Category Archives: Tennis

Jaroslav Drobný



Used Name,Jaroslav Drobný

Born,12 October 1921; Praha (Prague) (CZE)

Died,13 September 2001; Tooting-Greater London (GBR)

Affiliations,ČLTK Praha (CZE)


Jaroslav Drobný won an Olympic silver medal with the Czechoslovakian ice hockey squad at the 1948 St. Moritz Olympics, but was more famous as a tennis player. For years, he played ice hockey during the winter and tennis in the summer, but his hockey career was cut short in 1949. During a tennis tournament in Gstaad, Switzerland, he defected from communist Czechoslovakia with a fellow Davis Cup player, Vladimír Černík. Drobný, who had won the 1947 World Championships with Czechoslovakia, could no longer represent his country on the ice.

As an Egyptian citizen, Drobný won Grand Slam singles titles at Roland Garros (1951, 1952) and Wimbledon (1954). His 1954 Wimbledon championship made him the first left-hander to win that title. He was also a five-time runner-up in Grand Slam events; three times at Roland Garros (1946, 1948, 1950), and twice at Wimbledon (1949, 1952). His ice hockey legacy could still be found in his dark prescription glasses, which he needed following a hockey accident that severely affected his eyesight.

Drobný uniquely competed at Wimbledon for four different “nations.” He first played there in 1938, representing Czechoslovakia, and again under that designation in 1946-49. In 1939, following political upheaval in Europe, he was listed from the Nazi-occupied protectorate of Bohemia-Moravia. Following his 1949 defection, Drobný was given an Egyptian passport, and won his Grand Slam titles representing that nation from 1950-59. In 1959, he traded his Egyptian passport for a British one, and lived in London for the rest of his life. During a 15-year amateur career, he won over 130 singles titles, and was world ranked in the top 10 from 1946-55. Drobný was inducted into the International Tennis Hall of Fame in 1983. In 1997 he was made a member of the International Ice Hockey Hall of Fame.

Farhang Mohtadi



Full Name,Matthew Farhang Mohtadi

Used Name,Farhang Mohtadi

Original Name, فرهنگ •مهتدی

Born,6 January 1926


Farhang Mohtadi played basketball for Iran at the 1948 Olympics, appearing in one game, a loss against France. He had earned a B.E. degree from Teheran University in 1945 but in 1948 was studying at Birmingham University in England. Mohtadi was better known as a tennis player and during his years in England played at Wimbledon seven consecutive years (1949-55), although he lost in the first round each year. In 1954 he lost in the final of the North England Hardcourts Championships to Polish player Ignacy Tłoczyński. Mohtadi also excelled at table tennis, making the final of the 1944 Middle East Championships, and squash, competing in the British Open Championships.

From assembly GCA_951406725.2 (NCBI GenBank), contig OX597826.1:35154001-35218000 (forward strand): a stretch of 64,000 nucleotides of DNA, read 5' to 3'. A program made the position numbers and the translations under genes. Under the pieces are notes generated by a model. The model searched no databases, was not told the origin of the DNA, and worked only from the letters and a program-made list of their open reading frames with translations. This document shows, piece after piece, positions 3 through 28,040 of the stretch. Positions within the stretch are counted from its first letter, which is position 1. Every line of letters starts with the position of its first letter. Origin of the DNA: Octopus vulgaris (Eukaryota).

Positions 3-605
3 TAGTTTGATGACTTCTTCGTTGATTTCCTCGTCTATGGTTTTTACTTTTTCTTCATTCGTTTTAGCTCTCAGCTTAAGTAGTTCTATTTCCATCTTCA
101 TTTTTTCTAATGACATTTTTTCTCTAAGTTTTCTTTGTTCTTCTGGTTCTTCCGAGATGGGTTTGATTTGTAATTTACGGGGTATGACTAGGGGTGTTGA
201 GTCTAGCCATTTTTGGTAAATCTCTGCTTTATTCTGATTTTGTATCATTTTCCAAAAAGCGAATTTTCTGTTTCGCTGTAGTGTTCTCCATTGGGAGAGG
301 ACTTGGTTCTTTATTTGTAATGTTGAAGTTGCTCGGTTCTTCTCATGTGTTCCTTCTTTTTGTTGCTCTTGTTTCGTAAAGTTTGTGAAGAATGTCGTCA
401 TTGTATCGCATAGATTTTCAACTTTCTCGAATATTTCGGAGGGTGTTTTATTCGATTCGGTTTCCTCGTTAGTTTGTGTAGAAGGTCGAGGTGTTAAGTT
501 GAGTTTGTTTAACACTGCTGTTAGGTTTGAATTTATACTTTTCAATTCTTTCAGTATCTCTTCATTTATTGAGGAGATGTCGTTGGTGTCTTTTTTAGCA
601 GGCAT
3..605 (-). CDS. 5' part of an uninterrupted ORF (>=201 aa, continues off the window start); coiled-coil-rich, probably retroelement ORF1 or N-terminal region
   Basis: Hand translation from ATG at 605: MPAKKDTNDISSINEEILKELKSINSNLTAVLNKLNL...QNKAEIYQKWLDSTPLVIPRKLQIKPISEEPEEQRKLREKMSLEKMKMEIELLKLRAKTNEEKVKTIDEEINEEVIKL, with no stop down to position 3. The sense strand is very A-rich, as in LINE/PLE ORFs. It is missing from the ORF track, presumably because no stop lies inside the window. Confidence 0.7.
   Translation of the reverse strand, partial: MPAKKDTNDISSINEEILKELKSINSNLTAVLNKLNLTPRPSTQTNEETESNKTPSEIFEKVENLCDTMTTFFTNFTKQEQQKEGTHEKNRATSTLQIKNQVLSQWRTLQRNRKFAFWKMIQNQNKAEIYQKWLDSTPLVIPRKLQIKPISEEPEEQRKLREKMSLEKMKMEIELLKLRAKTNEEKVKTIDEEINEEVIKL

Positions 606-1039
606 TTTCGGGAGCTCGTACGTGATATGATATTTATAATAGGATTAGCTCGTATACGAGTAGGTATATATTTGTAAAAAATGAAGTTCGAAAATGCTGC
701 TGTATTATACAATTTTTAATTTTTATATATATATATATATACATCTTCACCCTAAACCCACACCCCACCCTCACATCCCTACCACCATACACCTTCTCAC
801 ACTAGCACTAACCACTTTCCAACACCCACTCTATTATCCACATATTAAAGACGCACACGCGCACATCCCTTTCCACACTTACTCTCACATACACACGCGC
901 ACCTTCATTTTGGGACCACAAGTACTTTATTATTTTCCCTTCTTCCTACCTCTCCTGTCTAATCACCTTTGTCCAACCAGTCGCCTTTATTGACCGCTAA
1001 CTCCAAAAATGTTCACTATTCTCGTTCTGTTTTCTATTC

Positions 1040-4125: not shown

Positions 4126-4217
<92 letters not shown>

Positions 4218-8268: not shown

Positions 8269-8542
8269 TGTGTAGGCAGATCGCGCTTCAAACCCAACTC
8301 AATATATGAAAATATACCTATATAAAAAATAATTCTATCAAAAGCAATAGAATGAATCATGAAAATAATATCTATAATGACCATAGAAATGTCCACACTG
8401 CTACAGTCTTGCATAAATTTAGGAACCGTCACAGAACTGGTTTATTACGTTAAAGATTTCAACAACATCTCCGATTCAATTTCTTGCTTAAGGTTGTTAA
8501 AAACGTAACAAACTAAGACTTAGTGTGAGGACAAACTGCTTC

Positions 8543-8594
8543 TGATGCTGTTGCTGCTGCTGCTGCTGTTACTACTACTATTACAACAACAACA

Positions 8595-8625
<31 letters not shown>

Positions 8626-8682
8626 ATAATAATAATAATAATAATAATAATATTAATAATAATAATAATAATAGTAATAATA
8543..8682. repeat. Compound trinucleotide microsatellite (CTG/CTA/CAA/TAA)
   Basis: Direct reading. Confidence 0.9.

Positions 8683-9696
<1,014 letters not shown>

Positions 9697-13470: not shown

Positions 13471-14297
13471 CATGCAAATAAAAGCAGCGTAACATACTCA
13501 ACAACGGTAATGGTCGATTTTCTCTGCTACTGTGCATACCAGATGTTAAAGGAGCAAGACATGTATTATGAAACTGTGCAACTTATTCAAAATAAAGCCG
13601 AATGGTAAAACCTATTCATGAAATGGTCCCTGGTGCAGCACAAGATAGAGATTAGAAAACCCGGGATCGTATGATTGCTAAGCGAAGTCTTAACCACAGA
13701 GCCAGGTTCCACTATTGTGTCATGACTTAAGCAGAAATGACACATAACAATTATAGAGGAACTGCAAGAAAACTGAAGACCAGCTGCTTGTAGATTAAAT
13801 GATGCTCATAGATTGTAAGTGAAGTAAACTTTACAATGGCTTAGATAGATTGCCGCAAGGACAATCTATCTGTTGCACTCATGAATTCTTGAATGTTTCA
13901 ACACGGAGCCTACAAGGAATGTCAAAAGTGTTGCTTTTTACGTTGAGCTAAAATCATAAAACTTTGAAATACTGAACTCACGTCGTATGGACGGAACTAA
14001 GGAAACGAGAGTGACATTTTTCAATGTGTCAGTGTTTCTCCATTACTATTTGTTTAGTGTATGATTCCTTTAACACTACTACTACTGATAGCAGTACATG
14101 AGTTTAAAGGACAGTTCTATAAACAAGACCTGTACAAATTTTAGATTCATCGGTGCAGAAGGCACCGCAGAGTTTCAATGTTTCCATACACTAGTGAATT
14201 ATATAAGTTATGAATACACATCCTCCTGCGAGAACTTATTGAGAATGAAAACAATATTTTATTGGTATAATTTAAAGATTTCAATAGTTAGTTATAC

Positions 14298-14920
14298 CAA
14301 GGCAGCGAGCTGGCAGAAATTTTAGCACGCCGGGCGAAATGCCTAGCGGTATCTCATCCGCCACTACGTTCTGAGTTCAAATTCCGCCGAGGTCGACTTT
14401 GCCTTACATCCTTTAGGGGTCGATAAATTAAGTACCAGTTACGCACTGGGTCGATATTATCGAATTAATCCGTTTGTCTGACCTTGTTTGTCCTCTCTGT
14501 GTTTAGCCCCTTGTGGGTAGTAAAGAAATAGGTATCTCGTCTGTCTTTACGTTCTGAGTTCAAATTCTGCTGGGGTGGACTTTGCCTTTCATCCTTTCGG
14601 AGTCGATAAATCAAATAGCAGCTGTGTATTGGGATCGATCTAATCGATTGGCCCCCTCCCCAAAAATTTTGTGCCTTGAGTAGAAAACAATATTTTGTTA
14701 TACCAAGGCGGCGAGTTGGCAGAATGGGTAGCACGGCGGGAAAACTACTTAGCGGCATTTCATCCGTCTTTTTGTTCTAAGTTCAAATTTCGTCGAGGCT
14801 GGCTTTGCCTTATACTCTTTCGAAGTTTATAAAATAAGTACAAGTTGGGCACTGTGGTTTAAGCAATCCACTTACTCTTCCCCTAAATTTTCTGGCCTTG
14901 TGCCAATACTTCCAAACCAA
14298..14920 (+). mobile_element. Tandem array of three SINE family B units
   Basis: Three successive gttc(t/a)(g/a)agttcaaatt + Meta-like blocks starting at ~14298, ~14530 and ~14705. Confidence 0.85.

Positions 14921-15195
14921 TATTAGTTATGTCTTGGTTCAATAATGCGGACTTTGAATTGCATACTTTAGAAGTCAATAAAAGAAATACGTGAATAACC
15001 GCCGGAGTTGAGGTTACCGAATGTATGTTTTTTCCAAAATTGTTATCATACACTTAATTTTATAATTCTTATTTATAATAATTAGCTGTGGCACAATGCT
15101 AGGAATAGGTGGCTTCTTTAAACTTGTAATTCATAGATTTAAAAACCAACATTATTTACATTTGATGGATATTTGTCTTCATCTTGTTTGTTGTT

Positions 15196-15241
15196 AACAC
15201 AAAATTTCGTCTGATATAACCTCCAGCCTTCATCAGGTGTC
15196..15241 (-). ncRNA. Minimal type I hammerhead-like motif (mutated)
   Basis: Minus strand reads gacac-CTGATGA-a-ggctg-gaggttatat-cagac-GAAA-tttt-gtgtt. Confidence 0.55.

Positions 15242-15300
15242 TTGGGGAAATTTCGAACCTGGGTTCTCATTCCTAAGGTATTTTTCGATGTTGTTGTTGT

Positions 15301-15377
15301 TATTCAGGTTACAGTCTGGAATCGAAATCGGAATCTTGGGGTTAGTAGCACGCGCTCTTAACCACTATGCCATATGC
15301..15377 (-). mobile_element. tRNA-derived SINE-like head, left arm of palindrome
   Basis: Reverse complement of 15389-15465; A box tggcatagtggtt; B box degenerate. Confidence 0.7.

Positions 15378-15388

He eventually earned a B.Sc. degree and later a Ph.D. in chemical engineering from Birmingham. Mohtadi finally settled in Canada where he taught at the University of Calgary, serving as chairman of the department of chemical and petroleum engineering and director of public relations in the engineering department.

His son, Nick Mohtadi, played briefly on the professional tennis tour, including a bronze medal win at the 1979 World University Games in mixed doubles and one doubles appearance at Wimbledon. Nick Mohtadi later became a renowned orthopaedic surgeon at the University of Calgary, with special expertise in sports medicine and clinical epidemiology.

Ion Ţiriac



Full Name,Ion Ioan Ţiriac

Born,9 May 1939 in Braşov; ROU

Measurements,183 cm / 84 kg

Affiliations,Sportul Studenţesc; Bucureşti


Ion Ţiriac played ice hockey for Romania at the 1964 Winter Olympics, but it was only a prelude to a much larger life. His main sport was tennis and he became one of the top players in the world, winning the 1970 French Open men’s doubles alongside Ilie Năstase. Ţiriac’s best finish in a singles Grand Slam was making the quarter-finals at Wimbledon in 1968. He was best known for his doubles play, winning 22 career professional titles.

After his playing career ended in the mid-1970s, Ţiriac turned to managing athletes, most notably as the coach and manager of Boris Becker from 1984-1993. He also coached or managed, among others, Năstase, Guillermo Vilas, Mary Joe Fernández, Goran Ivanišević, and Marat Safin. Ţiriac also started running and managing tennis events, including the Madrid Tennis Open, the Italian Open, and in Romania, the BRD Năstase Țiriac Trophy. In 2013 Ţiriac was elected to the International Tennis Hall of Fame.

Țiriac’s business interests then branched out and in 1990, after the fall of Communism in Romania, he founded Banca Țiriac, the first private bank in that country. The bank merged several times, eventually becoming UniCredit Ţiriac Bank, one of the largest banks in Romania. He also became involved in other businesses, including insurance, auto leasing, auto dealerships, and local airlines, with his various ventures entitled Tiriac Holdings, TiriacAIR, HVB Tiriac Bank, Allianz-Tiriac Asigurari Romania, TiriacAuto, Tiriac Leasing, and Tir Travel.

In 2007 Ţiriac was named to Forbes list of the wealthiest people in the world, and in 2014 his net worth was estimated at over $2 billion (US). He was considered, at that time, as the richest former athlete of all-time.



1964,Ice Hockey,Romania,12